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BFI’s Suburban Races to Its Fifth Win

BFI’s Suburban Races to Its Fifth Win

There is a race held once per year on the Baja Peninsula that is not so much about being first to finish, and instead more about showing team comradery and having fun. Unlike most races, this rally occurs over a period of four days (five including Contingency) and encourages participants to make the most of their experience. Days start late (compared to normal race starts) and end early (by race standards). Competitors often enjoy a regular night’s sleep. There is time to work on the vehicles each day. And everyone involved in the race comes together at night. This is the NORRA Mexican 1000. Two thousand fifteen represented the organization’s sixth year of success, after being dormant for decades once SCORE replaced the original racing organization. When Mike Pearlman (son of Ed Pearlman, the original head of NORRA) resurrected the old race, he wanted it to stand for and represent the same things it did decades ago, invoking the true spirit of Baja. Part of the fun in this is that lots of the original race cars and trucks—as well as many classic tributes—show up to compete. There is nothing quite like seeing dozens of classic race cars and trucks pound their way through the rugged terrain of Baja.

Being a sponsor of the Mexican 1000, we’ve been lucky enough to get to know some of these teams who run our General GrabberTM race tires. One of the wildest and entertaining teams to watch is the BFI Racing crew. These guys have been beating their classic Suburban through Baja for years, and have become well-known favorites at this race. Their enthusiasm is only trumped by their ability to have a great time, so we got them to sit down for a few minutes (a feat in itself) to tell us how their trip went in a Suburban that has just enough modifications to make a winning race truck. Strip the stickers off this original SUV, and you can barely tell the difference between this race version and a common classic.

What sets them apart is that this year the BFI crew brought home their fifth win in their class. These are not rich guys, they are not automotive engineers, and they’re not Mike Pearlman’s cousins. Instead, the BFI team is a perfect example of how some friends and family with determination and some skill can come together to make a winning race team. They’ve accomplished something that you can, too, and the best part is that there is enough room for you to come and race next year in the 2016 General Tire Mexican 1000! Start making your plans now….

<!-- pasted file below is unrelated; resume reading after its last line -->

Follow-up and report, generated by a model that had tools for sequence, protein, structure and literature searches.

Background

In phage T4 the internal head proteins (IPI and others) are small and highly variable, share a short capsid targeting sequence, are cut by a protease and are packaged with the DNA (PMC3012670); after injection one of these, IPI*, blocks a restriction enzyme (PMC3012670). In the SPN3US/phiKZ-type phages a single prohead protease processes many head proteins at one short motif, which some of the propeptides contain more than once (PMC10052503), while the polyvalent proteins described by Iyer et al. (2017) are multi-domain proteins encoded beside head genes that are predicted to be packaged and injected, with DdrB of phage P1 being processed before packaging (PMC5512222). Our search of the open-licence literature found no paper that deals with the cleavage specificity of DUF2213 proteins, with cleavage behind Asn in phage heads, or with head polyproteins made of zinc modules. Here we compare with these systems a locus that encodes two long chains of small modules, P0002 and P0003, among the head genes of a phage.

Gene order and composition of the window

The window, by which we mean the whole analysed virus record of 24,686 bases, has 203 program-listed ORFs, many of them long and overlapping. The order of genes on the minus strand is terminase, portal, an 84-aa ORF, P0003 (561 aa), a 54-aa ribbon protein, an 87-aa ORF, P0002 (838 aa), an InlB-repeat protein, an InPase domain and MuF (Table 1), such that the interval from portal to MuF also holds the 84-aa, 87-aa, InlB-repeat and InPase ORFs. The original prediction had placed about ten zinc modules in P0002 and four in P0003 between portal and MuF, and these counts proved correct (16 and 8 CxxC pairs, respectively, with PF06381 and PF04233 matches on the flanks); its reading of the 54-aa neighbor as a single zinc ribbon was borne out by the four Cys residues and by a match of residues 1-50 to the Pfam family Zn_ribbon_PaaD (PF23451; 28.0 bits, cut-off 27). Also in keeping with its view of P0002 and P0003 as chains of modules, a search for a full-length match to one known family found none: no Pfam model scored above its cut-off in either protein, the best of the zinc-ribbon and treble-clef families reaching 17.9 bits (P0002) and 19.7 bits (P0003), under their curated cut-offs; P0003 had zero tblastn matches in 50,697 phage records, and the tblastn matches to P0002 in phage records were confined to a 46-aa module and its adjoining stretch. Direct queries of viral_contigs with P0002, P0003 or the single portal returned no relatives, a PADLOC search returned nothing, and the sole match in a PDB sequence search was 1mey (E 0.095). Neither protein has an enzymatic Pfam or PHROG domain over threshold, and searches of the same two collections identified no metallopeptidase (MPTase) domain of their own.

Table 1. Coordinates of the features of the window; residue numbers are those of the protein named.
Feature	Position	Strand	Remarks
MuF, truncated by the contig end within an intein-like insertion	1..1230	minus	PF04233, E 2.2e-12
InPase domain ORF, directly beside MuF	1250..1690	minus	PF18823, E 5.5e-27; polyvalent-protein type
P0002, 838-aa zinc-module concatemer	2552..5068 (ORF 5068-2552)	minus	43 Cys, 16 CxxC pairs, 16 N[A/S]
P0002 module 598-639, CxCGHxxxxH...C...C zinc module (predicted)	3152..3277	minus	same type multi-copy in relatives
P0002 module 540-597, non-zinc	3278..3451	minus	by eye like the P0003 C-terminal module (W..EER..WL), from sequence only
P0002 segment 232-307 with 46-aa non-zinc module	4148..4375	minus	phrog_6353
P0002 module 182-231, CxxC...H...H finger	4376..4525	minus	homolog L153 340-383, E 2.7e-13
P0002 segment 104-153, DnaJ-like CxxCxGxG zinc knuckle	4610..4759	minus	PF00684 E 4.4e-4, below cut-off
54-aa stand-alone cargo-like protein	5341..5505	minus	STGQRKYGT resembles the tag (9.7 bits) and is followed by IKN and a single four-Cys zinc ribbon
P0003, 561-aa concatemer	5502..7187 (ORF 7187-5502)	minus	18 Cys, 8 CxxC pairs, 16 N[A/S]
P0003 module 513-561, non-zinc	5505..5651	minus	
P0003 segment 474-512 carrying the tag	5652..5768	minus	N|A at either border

Lead Shot

The BFI Racing team’s story starts in Ventura County, California. Made up of old high school friends and family, these guys and girls got together after work for weeks prior to the race to make sure the Suburban was ready for Baja.

The BFI Racing team’s story starts in Ventura County, California. Made up of old high school friends and family, these guys and girls got together after work for weeks prior to the race to make sure the Suburban was ready for Baja.

From Home to Contingency, Ensenada, Baja California 4/25/15

While most racers wait to have problems on the race course, the BFI guys started early, blowing a radiator in their tow vehicle before actually getting out of their home town. After getting things patched up, they made it across the border in time for the Contingency celebration and to have their vehicle inspected and certified as race ready. Our General Tire team got the chance to catch up with them a bit at Contingency before they headed out the next day on four of the most memorable days of their lives.

The BFI team is made up of Mark Harber, Perry White, Darin Ekdahl, Toki Coe, Kelly Adams, Roger & Sherie Queen, and Kendra Rachels.

The BFI team is made up of Mark Harber, Perry White, Darin Ekdahl, Toki Coe, Kelly Adams, Roger & Sherie Queen, and Kendra Rachels.

A front hitch is a great point for extracting a vehicle with. It doubles as a good place to mount a bottle opener. You might also notice the hula pig sticking out from behind the bumper tubing. Only the lower half of the pig would make the entire ride to San Jose del Cabo, unfortunately. The top half has yet to be located.

A front hitch is a great point for extracting a vehicle with. It doubles as a good place to mount a bottle opener. You might also notice the hula pig sticking out from behind the bumper tubing. Only the lower half of the pig would make the entire ride to San Jose del Cabo, unfortunately. The top half has yet to be located.

Race Day 1, Ensenada to Bahia de Los Angeles 4/26/15

The first day the BFI Suburban came out of the gate, it ran smoothly and the 400ci small block purred as it should, pushing the big ‘Burb headed south. Things were going good, but they noticed the Suburban’s braking abilities slowly diminishing. After replacing a leaking brake line, it was back to racing and an evening finish around 9pm in Bajia de Los Angeles.

After some food and drink to quench the pallet, the BFI team took a look at what the first day of the race had done to their Suburban. On the surface, everything looked good. But earlier in the day, a terrible rubbing sound started to occur that was quickly diagnosed as a front driveshaft. The transfer case crossmember had fatigued and started to drop at an angle, allowing the front driveshaft to start rubbing as the suspension oscillated over bumps. Out came a welder, and the crossmember was given some “Band Aids” to finish the race with.

The first leg was over; only three more days to go.